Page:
> "we" *etXe'n *refers to the speaker and a third party, but not the
> interlocutor, the inclusive "we" I *tXoiń**ί'n* refers to the speaker and
> the interlocutor only, with no third parties involved. Finally, the
> inclusive "we" II *t**X**ί'n* is used to refer to the speaker, the
> interlocutor and a third party (or parties), and it also was the generic
> pronoun often used to refer to oneself instead of "I".
>
> The royal or representative "we" *ίtX *was formally supposed to refer only
> to the speaker, but could include any other persons he/she was talking
> about, so the precise meaning had to be disambiguated by the context.
>
> The collective pronoun *enX* would seem to have no equivalent in human
> languages (correct me if I'm wrong) and could be translated either as
> "they" or "it". It was used exclusively to refer to a hive-type group,
> which acted and perceived itself as a single superorganism despite
> consisting of several persons, or, occasionally, to a regular group that
> had temporarily entered a state of full integration.
>
> The language has something akin to a T/V distinction equivalent to that in
> Indo-European languages, but the degree of social distance inherent in the
> forms is completely different. The regular, neutral form of "you" more or
> less corresponds to the T-form ("thou"-you) and is informal, with
> connotations ranging from rude to casual or friendly. The marked form of
> "you" is intensely respectful and polite, but, unlike the V-form, it
> signals a special degree of intimacy, i.e. an even smaller distance or a
> complete lack thereof. There are no forms of "you" that would be be formal,
> polite/respectful, and indicative of greater social distance at the same
> time.
>
> The respectful "you" *tessa* was used between those who had developed an
> exceptionally strong mutual connection that transcended the link shared by
> a specific group (long-standing couples, warriors who had formed a close
> bond through their experiences in the battlefield, regional leaders and
> their warbands etc.). The plural form, *tesá'n*, was rare, used mostly by
> warband members when addressing their leader as a counterpart to the royal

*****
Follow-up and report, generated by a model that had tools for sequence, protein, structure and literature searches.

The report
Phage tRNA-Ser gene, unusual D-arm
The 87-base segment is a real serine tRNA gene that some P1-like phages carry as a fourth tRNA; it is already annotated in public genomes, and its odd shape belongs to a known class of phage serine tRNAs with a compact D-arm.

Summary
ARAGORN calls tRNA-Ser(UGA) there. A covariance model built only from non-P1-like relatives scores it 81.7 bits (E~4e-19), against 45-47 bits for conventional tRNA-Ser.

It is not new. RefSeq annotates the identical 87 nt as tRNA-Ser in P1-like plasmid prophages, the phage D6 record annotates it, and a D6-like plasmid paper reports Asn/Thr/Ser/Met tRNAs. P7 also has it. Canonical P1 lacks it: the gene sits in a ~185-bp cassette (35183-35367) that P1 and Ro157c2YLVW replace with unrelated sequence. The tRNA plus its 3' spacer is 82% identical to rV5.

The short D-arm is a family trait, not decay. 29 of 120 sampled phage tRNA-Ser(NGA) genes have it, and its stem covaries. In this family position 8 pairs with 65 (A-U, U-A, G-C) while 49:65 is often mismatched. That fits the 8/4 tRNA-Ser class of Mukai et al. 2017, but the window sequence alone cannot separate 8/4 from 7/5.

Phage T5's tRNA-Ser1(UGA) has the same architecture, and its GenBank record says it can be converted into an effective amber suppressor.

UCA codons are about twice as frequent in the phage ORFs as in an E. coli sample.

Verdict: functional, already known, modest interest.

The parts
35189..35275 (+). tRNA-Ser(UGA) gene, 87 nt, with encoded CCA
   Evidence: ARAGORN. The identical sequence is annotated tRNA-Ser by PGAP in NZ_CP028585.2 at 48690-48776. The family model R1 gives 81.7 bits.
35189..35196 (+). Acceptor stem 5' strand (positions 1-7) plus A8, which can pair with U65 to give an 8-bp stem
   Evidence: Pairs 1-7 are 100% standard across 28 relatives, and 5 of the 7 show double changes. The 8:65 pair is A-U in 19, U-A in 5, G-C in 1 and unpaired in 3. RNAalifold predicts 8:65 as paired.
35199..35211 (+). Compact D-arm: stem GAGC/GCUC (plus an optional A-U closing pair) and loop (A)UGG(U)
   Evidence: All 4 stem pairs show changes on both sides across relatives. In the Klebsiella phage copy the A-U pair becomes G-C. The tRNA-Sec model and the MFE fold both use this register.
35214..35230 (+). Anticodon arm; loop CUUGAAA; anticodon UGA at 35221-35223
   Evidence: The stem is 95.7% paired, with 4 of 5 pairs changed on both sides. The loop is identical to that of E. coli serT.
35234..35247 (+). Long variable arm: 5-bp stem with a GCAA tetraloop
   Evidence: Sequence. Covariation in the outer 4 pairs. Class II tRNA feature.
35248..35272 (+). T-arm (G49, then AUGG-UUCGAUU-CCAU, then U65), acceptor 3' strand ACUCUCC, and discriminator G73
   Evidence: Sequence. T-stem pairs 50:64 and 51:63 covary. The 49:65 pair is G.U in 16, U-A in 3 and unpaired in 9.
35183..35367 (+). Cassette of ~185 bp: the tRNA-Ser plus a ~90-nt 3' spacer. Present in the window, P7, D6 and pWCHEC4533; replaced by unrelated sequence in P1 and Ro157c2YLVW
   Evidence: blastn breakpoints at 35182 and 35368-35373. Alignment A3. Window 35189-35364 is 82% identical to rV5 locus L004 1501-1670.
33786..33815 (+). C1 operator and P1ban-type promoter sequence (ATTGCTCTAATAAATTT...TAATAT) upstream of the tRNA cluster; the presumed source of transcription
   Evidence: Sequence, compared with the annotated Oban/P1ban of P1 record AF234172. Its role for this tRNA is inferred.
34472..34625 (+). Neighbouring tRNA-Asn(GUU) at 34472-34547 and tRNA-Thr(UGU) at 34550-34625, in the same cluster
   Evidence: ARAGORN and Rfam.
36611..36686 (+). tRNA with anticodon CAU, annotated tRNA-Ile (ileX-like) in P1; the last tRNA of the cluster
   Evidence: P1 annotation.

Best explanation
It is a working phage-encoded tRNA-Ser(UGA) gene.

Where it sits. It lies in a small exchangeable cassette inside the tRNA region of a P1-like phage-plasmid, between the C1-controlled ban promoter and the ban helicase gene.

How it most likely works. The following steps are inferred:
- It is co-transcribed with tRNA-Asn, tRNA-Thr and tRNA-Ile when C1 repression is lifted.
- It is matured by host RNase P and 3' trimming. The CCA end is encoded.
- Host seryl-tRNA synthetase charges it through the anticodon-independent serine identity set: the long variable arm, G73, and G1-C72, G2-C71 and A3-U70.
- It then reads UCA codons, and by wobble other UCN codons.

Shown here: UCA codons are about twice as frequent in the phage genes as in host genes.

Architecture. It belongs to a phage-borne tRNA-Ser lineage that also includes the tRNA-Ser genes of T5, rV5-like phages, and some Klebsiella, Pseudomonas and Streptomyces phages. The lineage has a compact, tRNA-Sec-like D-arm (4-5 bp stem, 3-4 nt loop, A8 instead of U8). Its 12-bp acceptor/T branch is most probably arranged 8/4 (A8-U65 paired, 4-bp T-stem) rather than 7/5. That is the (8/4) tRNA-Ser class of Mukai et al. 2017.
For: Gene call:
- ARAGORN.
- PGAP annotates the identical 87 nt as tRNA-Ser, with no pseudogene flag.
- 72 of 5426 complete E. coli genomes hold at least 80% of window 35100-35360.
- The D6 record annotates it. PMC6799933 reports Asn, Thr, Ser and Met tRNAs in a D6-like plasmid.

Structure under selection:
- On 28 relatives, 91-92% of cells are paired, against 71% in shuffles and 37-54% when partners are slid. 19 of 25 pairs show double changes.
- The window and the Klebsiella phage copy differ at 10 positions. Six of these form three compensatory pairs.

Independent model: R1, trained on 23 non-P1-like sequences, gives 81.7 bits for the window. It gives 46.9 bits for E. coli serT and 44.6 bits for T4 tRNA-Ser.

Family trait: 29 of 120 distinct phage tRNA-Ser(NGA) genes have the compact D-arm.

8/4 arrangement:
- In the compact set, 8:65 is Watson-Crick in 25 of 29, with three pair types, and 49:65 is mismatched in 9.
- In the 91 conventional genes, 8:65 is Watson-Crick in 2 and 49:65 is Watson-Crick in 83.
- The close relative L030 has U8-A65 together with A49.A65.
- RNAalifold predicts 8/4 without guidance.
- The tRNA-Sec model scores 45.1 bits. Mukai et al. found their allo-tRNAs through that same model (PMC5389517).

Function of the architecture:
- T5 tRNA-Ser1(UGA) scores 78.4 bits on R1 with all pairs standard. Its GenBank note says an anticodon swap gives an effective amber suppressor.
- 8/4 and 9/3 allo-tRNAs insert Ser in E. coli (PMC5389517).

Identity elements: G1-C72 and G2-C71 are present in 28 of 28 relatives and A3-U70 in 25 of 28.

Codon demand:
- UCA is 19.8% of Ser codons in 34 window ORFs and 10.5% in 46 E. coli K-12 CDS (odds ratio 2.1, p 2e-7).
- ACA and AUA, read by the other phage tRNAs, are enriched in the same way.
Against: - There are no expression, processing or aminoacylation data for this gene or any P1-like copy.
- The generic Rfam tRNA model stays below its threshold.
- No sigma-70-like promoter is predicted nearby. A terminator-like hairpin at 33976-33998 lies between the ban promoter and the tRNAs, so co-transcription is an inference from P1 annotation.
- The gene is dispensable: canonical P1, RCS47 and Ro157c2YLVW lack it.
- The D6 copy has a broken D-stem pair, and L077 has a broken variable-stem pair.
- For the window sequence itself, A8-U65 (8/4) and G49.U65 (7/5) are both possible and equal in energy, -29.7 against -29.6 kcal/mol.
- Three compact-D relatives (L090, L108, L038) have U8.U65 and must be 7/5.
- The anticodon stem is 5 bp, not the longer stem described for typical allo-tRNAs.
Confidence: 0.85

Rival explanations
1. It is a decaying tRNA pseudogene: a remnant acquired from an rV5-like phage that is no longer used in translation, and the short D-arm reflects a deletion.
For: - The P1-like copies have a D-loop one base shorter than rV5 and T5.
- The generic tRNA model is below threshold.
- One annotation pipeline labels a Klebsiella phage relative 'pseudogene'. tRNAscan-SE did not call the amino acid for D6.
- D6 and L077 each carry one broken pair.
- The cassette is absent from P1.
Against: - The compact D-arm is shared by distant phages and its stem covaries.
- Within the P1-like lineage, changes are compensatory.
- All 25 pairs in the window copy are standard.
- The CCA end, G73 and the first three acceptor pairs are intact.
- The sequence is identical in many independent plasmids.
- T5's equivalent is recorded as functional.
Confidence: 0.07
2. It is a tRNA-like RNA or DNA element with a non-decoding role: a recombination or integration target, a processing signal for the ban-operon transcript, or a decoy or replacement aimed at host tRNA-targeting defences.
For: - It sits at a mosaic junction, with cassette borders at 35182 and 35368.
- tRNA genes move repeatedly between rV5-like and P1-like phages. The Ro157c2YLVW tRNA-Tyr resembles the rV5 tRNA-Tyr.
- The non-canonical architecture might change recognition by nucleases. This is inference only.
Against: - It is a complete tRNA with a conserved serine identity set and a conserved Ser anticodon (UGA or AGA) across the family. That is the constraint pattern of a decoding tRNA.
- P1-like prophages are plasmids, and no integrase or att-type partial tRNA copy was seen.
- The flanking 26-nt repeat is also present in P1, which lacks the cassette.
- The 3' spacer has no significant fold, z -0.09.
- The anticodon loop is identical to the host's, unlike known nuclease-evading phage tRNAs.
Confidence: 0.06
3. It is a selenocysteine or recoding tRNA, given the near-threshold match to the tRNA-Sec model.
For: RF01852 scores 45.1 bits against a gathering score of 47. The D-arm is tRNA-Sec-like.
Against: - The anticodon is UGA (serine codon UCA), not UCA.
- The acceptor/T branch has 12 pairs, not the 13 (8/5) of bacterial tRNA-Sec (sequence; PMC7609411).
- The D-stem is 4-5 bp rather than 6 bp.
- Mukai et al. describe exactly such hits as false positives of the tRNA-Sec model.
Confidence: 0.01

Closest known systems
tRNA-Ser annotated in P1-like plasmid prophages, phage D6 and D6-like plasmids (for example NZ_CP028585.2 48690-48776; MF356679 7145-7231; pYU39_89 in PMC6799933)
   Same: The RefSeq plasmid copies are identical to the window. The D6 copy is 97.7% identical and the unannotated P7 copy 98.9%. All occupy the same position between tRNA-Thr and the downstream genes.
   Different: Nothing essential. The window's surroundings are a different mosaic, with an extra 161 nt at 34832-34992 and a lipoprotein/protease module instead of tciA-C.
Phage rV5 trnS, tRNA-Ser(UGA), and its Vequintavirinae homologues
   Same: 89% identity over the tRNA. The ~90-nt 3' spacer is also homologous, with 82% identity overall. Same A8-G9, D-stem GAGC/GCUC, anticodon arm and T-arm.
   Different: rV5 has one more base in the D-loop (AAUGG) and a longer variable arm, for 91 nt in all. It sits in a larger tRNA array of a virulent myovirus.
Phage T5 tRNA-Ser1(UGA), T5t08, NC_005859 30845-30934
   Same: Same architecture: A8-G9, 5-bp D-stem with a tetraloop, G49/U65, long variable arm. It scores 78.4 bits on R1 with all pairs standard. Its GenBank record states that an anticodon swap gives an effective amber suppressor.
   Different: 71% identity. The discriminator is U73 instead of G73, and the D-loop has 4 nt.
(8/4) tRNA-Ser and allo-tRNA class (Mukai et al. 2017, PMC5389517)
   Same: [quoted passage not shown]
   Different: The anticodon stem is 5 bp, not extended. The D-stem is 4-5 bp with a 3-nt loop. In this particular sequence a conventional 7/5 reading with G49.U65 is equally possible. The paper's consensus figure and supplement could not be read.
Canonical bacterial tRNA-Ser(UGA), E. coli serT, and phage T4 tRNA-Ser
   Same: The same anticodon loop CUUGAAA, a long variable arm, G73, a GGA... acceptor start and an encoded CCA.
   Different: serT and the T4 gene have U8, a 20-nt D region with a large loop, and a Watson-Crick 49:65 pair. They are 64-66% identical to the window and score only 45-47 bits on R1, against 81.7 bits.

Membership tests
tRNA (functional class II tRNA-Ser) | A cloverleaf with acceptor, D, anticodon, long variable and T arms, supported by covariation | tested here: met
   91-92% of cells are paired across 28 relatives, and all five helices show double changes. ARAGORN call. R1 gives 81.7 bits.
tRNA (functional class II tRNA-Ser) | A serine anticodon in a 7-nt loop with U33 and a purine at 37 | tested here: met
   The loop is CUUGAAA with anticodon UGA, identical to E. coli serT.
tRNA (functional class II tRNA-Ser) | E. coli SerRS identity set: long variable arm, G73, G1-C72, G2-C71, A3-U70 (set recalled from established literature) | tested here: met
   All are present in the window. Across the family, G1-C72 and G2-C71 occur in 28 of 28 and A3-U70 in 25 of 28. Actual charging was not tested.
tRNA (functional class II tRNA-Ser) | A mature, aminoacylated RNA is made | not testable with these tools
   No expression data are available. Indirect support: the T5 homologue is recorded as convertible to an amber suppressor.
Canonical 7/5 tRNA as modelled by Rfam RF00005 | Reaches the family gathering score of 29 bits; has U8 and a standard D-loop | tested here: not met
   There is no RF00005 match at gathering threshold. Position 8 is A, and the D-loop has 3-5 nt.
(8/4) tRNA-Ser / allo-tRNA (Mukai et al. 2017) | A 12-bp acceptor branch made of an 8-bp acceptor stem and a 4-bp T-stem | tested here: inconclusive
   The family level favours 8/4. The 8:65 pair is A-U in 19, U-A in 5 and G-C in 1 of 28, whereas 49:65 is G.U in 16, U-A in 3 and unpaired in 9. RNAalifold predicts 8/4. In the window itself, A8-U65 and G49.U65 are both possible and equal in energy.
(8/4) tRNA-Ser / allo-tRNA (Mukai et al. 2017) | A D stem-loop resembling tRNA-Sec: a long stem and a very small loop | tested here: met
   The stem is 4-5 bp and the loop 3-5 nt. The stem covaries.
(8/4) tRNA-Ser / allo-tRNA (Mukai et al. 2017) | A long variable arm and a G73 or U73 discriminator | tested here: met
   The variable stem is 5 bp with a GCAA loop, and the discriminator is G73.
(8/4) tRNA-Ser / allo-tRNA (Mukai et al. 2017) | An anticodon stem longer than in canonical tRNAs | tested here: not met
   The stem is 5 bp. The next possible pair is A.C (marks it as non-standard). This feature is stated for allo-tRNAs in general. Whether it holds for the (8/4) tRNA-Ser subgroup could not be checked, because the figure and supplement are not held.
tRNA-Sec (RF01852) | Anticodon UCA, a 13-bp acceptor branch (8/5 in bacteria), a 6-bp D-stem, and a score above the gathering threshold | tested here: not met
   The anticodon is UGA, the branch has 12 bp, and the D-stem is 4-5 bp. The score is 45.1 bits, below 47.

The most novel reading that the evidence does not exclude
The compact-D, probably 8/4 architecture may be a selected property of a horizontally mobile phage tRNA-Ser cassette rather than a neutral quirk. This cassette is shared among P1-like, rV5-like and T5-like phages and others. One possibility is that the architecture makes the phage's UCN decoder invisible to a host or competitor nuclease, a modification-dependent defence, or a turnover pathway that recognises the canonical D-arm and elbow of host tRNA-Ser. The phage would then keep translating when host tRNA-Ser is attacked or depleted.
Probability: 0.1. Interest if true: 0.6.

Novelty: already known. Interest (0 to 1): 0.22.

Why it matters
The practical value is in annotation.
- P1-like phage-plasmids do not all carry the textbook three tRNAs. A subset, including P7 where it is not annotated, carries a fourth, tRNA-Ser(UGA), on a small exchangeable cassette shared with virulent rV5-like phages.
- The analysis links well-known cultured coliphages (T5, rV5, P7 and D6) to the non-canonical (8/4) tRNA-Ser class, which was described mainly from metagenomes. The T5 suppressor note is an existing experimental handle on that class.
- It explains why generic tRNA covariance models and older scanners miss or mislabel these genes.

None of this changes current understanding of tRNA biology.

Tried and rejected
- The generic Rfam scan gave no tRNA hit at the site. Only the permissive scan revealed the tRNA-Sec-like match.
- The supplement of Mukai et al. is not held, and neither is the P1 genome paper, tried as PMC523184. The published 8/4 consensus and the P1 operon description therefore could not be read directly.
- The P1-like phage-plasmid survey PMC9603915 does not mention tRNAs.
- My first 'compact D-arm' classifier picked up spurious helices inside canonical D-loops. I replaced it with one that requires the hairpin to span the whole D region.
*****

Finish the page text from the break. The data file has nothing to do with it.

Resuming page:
> "we".
>
> Depending on the social/situational context, the demonstrative pronoun*
> iņɫ*
> "this (one)" could be used to mean "I", or, less frequently, "him-her"
> (someone who is physically but not emotionally close to the speaker and
> does not belong to their group), while *oņɫ* "that (one)" could mean
> "him-her" (someone who is both physically and emotionally remote from the
> speaker). Likewise, *iņɫe'n* and *oņɫe'n*, accordingly, may mean "they".
>
> A first person plural pronoun followed by a noun or pronoun (typically, a
> proper name, the name of a profession or social position, a third person
> singular pronoun, the demonstrative pronouns *iņɫ *"this, this one" or *oņɫ
> *"that, that one" or the corresponding interrogative pronoun) could be used
> to mean "I and [...]" or "I, you and [...]":
>
> *etXe'n LańXu* "I and Lanxu" (first/personal name)
> *etXe'n eńńa* "I and him-her"
> *etXe'n iņɫ* "I and this one/him-her"
> *etXe'n oņɫ* "I and that one/him-her"
> *etXe'n ṭlsońsṭɛloń *"I and the bodyguard"
> *etXe'n ńί'n? **etXe'n ńί'ņwe'n?* "I and who (else)?" (sg. and pl.)
>
> *tX**ί'n LańXu *"I, you and Lanxu"
> *tXί'n eńńa* "I, you and him-her"
> *tXί'n iņɫ *"I, you and this one/him-her" (or: "you, someone else and i")
> *tXί'n oņɫ *"I, you and that one/him-her"
> *tXί'n ṭlsonsteloń *"I, you and the bodyguard"
> *tXί'n ńί'ń? **tXί'n ńί'ņwe'n?* "I, you and who (else)?" (sg. and pl.)